9:40 am on a wet and grey Sunday morning in Seattle saw the first flight of an aircraft with a tumultuous history. This wasn’t a 787 or the A350, this was a Boeing aircraft that has not had much in the way of press in recent times. However, in the past that was a different story.
The first 767-2C, the prototype that will lead to the beginning of the KC-46 program took to the air for the first time. With it, over 12 years of history will see the USAF’s new tanker project finally start to fly.
The first flight of the 767-2C is not technically a KC-46 Pegasus tanker, but the first of four aircraft destined for the testing of this unique aircraft. A hybrid aircraft of sorts,- made up of the fuselage of a 767-200, the wings of a -300ER, and then throw in the cockpit of Boeing’s latest aircraft, the 787, and you have this almost frankensteinish aircraft that will perform, what some think of as, the most unnatural of airborne feets, refueling other aircraft mid-flight.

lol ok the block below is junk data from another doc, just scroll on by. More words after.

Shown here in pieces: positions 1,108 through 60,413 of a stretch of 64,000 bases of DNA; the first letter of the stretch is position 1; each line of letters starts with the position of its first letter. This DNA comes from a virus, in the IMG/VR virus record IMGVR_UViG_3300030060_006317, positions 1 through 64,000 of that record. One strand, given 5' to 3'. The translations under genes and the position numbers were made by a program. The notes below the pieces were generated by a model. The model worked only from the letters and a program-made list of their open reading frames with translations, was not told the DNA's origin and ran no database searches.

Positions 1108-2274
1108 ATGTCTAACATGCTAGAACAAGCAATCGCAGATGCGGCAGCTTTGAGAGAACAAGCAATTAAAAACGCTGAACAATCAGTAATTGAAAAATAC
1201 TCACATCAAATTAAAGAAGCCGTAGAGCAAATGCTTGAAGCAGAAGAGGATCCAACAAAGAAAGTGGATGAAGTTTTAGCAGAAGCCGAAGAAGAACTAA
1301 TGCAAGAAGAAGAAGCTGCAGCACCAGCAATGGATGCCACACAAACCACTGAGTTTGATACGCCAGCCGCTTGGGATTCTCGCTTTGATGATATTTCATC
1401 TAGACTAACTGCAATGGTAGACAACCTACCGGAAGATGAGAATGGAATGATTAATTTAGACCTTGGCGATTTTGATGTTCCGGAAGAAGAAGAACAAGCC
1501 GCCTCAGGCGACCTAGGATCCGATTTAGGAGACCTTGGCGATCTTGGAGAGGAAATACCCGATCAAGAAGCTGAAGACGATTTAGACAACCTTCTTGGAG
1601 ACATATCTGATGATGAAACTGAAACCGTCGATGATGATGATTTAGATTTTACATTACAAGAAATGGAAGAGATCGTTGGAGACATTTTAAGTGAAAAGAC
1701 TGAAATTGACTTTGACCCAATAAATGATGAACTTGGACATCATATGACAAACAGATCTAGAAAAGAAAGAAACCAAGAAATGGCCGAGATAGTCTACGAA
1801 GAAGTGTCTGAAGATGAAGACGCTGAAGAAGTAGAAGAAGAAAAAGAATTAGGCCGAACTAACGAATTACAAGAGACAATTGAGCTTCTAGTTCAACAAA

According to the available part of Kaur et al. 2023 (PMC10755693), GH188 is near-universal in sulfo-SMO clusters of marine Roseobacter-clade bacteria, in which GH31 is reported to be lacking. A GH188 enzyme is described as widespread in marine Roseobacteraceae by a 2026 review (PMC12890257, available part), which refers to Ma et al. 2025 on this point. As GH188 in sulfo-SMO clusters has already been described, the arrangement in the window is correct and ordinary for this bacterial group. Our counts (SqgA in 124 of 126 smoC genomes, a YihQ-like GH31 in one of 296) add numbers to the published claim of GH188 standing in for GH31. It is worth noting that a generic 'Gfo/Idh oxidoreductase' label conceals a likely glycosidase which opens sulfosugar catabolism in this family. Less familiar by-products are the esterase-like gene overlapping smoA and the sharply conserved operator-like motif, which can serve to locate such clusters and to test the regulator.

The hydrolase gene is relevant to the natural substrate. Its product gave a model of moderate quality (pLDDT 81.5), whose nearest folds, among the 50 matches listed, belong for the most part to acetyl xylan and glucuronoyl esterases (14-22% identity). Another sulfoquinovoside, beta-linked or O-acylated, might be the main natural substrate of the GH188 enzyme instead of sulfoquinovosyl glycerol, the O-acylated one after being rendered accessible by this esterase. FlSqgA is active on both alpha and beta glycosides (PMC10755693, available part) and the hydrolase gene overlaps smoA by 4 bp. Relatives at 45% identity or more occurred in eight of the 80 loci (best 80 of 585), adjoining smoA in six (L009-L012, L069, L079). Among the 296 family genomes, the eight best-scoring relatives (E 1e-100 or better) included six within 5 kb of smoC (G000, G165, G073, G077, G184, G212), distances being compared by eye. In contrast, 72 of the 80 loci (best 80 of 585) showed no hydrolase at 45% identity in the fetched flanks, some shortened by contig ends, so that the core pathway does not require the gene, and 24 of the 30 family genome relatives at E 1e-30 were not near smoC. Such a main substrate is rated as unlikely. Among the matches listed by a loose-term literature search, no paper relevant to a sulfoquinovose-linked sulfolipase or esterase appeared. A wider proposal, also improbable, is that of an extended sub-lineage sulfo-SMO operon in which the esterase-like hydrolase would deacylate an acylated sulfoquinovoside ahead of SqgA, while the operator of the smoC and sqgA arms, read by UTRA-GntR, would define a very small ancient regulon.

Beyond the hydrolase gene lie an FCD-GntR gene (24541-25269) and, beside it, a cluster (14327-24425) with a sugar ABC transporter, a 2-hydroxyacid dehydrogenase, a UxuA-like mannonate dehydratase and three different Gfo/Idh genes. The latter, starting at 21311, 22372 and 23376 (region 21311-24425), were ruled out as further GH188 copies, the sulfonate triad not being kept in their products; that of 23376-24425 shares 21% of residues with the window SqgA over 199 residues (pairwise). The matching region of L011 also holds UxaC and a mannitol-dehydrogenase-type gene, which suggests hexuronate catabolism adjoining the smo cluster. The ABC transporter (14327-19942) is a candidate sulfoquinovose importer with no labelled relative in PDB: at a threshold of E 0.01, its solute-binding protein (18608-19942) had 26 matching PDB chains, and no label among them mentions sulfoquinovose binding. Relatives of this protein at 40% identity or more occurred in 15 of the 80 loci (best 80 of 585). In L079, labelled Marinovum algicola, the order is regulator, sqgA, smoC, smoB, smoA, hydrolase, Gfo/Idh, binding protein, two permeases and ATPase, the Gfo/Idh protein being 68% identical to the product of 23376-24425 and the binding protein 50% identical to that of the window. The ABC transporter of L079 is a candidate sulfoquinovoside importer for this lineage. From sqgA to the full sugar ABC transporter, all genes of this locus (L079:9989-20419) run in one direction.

Boeing’s history, not only with tankers but with this program alone, could fill page after page. Let’s try and condense it down, shall we?